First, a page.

What Would Britney Do? Mental Health Stigma in the Entertainment Industry
Updated: Apr 1, 2019
In 2007 the world was caught off-guard by the meltdown of Britney Spears. Photos surfaced of her fighting paparazzi with a beach umbrella and gleefully trimming her signature long tresses and leaving the hair salon, bald. At the time, the world rained down their judgement on her for losing it. Now we make funny, but hauntingly relatable memes about the entire moment.
As I scrolled through my newsfeed, and saw another relatable “Britney Meme”, it dawned on me how important that meltdown was to our current dilemma: Artists & Mental Health. Even though it took some time, that moment has changed how we communicate about mental health. With the recent prevalence of artists succumbing to hard drugs, suicide, and public meltdowns; its apparently clear...we can no longer stay silent. These personal demons lying underneath the surface of the art we enjoy demand payment and the bill has come due.
“Can Music Make You Sick?”
I spoke with indie artists online about mental health and was immediately met with the question, “What does depression have to do with art?” This got me to thinking about the role mental health has to play in music. As I began to research the subject, I came upon Help Musicians UK, the United Kingdom's leading independent music charity, who strove to answer that question with their recent mental health study: “Can Music Make You Sick?” This two part series, which began sharing its data to the public in 2016, had over 2,200 musician’s participating in the study. Most of the musicians were between the ages of 18-35, and reasonably split down the middle in regards to gender (55.2% male, 43.9% female). The findings laid out the hidden mental health struggles in the industry, along with the distinct pressures that exist for all those that work in it. The data also suggested that musicians may be up to three times more likely to suffer from mental illness compared to the general public.
The highlights of the study are as follows:
71 % of musicians believed they had suffered from panic attacks and/or high levels of anxiety
69% percent reported they had suffered from depression
57% of those who reported struggling with mental health did not receive treatment.
The psychological impact of not meeting society’s idea of success in the music industry could lead to potential triggers for: anxiety, depression, and other mental health issues. These were highly likely to stack up over time. The common stressors were:
not meeting record deal expectations
the “always-on” cycles of validation and criticism on social media
working several freelance creative jobs just to make ends meet
being unable to separate oneself from one’s work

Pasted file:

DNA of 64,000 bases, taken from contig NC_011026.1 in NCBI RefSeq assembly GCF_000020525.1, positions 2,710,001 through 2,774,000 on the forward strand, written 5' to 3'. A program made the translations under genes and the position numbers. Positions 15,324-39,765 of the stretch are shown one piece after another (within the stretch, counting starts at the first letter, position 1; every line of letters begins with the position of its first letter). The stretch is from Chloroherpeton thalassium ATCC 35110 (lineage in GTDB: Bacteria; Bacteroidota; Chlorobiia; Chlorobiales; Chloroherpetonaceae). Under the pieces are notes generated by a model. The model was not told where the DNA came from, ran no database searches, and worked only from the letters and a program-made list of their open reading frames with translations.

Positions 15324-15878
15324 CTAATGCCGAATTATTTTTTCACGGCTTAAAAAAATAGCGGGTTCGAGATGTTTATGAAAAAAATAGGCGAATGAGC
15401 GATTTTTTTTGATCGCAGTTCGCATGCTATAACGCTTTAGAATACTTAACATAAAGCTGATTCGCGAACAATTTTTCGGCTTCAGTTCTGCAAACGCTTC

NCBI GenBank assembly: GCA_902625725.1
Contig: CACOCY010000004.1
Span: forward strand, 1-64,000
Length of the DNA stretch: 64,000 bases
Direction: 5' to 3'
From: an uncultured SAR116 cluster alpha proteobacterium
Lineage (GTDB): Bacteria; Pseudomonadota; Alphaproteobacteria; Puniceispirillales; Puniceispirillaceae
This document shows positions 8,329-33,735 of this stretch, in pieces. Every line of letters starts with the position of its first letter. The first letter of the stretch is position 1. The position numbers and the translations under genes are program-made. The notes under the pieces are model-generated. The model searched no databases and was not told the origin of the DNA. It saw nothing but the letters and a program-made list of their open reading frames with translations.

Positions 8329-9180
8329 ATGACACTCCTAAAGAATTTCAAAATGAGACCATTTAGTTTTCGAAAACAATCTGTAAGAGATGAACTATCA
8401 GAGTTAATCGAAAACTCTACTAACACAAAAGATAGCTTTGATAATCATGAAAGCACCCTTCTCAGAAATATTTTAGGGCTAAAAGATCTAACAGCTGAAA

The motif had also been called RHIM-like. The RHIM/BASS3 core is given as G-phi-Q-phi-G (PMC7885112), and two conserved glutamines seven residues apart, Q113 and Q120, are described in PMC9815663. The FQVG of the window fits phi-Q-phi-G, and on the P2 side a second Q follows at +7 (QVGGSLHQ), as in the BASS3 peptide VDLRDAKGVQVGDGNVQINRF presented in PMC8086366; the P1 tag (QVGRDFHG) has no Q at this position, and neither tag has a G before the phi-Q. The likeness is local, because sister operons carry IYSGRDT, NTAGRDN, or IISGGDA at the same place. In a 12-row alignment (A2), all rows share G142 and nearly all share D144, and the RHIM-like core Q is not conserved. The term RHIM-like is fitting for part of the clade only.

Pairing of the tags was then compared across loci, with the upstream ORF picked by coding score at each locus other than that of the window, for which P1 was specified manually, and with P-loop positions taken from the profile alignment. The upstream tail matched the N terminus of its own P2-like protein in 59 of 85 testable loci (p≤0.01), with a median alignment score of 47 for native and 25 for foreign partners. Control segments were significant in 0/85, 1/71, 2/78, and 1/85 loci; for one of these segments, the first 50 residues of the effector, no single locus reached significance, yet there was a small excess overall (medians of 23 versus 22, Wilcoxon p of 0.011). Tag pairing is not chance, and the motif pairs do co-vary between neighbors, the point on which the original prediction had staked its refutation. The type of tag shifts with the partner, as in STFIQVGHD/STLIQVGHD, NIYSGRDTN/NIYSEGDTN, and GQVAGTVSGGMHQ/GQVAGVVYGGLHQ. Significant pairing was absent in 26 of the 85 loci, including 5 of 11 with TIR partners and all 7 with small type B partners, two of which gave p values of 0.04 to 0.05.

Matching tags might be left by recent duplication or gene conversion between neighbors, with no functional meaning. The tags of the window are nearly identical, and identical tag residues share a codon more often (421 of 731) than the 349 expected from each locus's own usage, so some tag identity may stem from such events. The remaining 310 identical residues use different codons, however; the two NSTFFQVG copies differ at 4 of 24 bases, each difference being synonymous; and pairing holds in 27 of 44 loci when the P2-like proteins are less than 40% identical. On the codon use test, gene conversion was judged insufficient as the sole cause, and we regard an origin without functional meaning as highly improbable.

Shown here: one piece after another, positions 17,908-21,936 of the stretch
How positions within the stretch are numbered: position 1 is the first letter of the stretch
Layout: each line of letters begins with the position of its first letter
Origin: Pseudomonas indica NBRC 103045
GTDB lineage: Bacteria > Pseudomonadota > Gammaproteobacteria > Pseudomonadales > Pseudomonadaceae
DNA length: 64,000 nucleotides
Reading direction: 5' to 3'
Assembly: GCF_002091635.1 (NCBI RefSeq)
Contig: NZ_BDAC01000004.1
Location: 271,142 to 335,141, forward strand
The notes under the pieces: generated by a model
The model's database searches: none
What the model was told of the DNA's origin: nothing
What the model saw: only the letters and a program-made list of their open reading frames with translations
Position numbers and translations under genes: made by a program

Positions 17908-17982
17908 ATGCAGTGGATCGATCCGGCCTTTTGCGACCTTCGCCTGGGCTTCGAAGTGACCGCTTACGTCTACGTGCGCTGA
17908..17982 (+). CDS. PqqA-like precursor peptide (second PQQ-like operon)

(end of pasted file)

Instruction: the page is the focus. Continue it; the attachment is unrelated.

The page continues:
"Social Media Self Harm"
An artist doesn’t need the paparazzi to catalogue their every move,the way Britney Spears did in 2007, because artists do it to themselves. Social medias like: Facebook, Twitter, Snapchat,and YouTube, just to name a few; have conditioned artists to share so much of their lives. This rarely makes them share the not so glamorous parts of what they do, but instead puts pressure on them to be “picture-perfect”.
As more and more famous artists speak out against this self-harming mind-set, it is important to not just look at these big name acts and “throw a prayer their way”. It is time for us to look at how it impacts the regional grassroots artists that we watch and support. While the art may be seen as entertainment, these pieces that cause a emotional reaction can come from a deep rooted emotional space in the artists own mind. The act of creating art is not always therapy, especially when it is a means of making money.
"LATINO/CHICANO Struggle with Mental Health"
So, how does this relate to Latinos/Chicanos in the arts? Although the rates of mental illness among Latinos and Anglos are similar, Anglos are more likely to receive mental-health treatment. According to the National Alliance on Mental Illness only 20% of Latinos/Chicanos with symptoms of a psychological disorder talk to a doctor, and only 10% contact a mental health specialist. Second, Latinos/Chicanos have a difficult time finding someone who is qualified that understands the cultural nuances and colloquial language that shape how we see and interact with the world around us. This makes finding mental health professionals, in the current shortage, even more daunting. Our culture prides itself in self-reliance and sees mental illness as a weakness that must be smited with prayers or with one's own hands.
**(colloquial: informal/conversational speech or language particular to a region or group of people)**
(Above: No Tenga Pena: SIMS Latino Outreach)
All of this together poses a problem for Latinos/Chicanos. Finding qualified and understanding health professionals who are aware of all the nuances of how they see the world is so important because it provides a safe space to dispel the stigma.
**(stigma: a mark of disgrace associated with a particular circumstance, quality, or person.)**
So where do we go from here, how do we make leaps forward in protecting and nurturing a healthier mindset in our artists? Well, the answer isn’t a simple list of “DIY Steps To a Better Mental Health.”
It takes time, research, and trial and error.
Now if you're reading this and you or someone you know is looking for services that are FREE or LOW-COST within your communities. The following is a list that can be searched by wherever you live in the United States: